"To say that the Illinois Legislature is a great public auction,
where special privileges are sold to the highest corporation
bidders, is to put the statement mildly," Comerford, a Cook County
Democrat, told a gathering of Illinois College of Law students and
faculty on Jan. 27, 1905.
A 30-year-old lawyer and just months into his first term as a
legislator, Comerford then detailed the names of lawmakers rumored
to be on the take, how much cash changed hands and where the
conversations took place.
Days later, facing fellow lawmakers poised to kick him out of the
House, Comerford said he believed the students had a right to know
how laws were made here, and that bribery was rampant.
"I was lecturing to the student body of a college -- not making
charges upon the floor of this House or in the newspapers. I reserve
the right to my opinion; I believe now, as I did then, that the
stories told me are true," he said.
Word of Comerford's speech hit newspapers Jan. 31, and that is
how the representative from the 2nd District came to be the first
and only lawmaker expelled from the state's House for "besmirching
its good name and reputation" -- and it took only nine days for them
to do so. Notably, nothing happened to the legislators who allegedly
accepted the bribes. Lawmakers said Comerford failed to back up his
For all the corruption that has been exposed in the Illinois
Capitol since the state was established in 1818 -- six governors
indicted or sent to prison, the Cement Bribery Trial of the early
1970s, the famous Paul Powell shoe boxes full of cash and the state
auditor who embezzled millions -- there is little precedent for how
the House should investigate allegations against one of its own.
One hundred and seven years after the Comerford case, state
lawmakers grappling with what to do about indicted Democratic state
Rep. Derrick Smith have found themselves using the framework of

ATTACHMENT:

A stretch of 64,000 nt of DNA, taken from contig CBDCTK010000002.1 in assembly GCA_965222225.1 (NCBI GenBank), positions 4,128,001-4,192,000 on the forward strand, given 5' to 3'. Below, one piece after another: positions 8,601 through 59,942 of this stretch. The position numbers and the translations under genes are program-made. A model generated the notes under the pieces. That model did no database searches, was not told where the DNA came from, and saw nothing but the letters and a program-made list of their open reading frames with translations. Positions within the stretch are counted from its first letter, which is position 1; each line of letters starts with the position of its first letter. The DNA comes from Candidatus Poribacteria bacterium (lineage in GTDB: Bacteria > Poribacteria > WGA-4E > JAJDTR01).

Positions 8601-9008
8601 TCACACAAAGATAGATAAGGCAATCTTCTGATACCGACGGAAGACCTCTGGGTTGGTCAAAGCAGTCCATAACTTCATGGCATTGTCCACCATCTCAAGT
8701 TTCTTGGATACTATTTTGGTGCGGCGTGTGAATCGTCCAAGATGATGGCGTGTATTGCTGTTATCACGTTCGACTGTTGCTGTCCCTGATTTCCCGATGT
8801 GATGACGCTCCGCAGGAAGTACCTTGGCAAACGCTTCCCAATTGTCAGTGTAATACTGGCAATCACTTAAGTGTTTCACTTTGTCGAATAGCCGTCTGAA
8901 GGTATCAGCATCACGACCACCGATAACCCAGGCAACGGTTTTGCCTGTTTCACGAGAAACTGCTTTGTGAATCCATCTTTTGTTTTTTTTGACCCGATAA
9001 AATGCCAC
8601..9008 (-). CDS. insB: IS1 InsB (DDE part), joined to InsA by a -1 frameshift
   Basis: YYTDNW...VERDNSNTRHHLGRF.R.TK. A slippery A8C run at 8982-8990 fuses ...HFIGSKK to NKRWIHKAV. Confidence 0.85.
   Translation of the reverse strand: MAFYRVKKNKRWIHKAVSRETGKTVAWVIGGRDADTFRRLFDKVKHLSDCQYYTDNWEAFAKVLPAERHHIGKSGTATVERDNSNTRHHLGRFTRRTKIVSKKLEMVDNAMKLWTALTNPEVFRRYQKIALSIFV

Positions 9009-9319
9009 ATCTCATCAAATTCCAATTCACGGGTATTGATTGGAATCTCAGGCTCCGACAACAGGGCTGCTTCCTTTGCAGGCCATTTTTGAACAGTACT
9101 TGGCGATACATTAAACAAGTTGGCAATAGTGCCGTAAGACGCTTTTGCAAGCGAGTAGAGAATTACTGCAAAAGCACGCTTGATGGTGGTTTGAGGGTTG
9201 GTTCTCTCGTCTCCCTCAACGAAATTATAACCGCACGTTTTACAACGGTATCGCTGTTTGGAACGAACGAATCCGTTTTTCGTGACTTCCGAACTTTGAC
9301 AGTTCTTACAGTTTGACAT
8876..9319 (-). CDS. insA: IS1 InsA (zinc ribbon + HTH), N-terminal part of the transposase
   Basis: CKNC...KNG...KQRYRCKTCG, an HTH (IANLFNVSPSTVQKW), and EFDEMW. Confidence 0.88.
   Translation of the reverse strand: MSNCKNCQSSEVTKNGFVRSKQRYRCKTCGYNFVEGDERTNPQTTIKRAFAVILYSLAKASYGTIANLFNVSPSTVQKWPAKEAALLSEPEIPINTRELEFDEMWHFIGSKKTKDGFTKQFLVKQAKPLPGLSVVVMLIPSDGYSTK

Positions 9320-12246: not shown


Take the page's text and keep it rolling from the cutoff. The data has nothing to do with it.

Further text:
Comerford's 1905 disciplinary proceedings as a guide for
investigating Smith in 2012.
But the framework could use some work, experts say.
State Rep. Elaine Nekritz, who sat on the House Special
Investigating Committee to look into the allegations against Smith
this spring, said lawmakers relied on rules and guidelines that were
"a little convoluted, at best," she said.
"I think we could have had for this Special Investigating
Committee some clearer guidelines on how the process should unfold,"
she said. "The framework could use some work. The rules in some ways
were contradictory. There just needs to be clearer direction on time
frames and notices -- those very simple kinds of things."
Nekritz, a Democrat from Northbrook, said the committee felt it
was important to work within the established framework once it began
the Smith investigation, even if some of it was murky.
"It would have felt awkward to me to change the rules in the
middle of this process. That would have not felt fair to Rep. Smith
to me," she said. "The rules were the rules under which the process
Smith, of Chicago, is accused of accepting a $7,000 bribe in
exchange for trying to steer a $50,000 state contract to a
fictitious day care. Federal investigators caught the transaction on
The House rules call for a particular procedure leading up to any
discipline of a lawmaker, whether it's expulsion, censure, a
reprimand or nothing at all. It starts with at least three lawmakers
filing a petition requesting an investigation. A Special
Investigative Committee is convened to look into the allegations,
and then the probe moves into the hands of a bipartisan Select
Committee on Discipline, which determines if the lawmaker should be
disciplined. If the committee recommends discipline, two-thirds of
the full House must agree.
State Rep. Dennis Reboletti, R-Elmhurst, also sat on the
committee to investigate Smith. He said the group looked to various
sources for guidance on how to proceed, including the Comerford case
and the conviction and impeachment hearings of Gov. Rod Blagojevich.
"We looked at as much precedent as possible and, fortunately,
this doesn't happen very often," said Reboletti, a former
prosecutor. "I don't think it was as simple as looking at one thing
in particular, but also trying to modernize things as thought was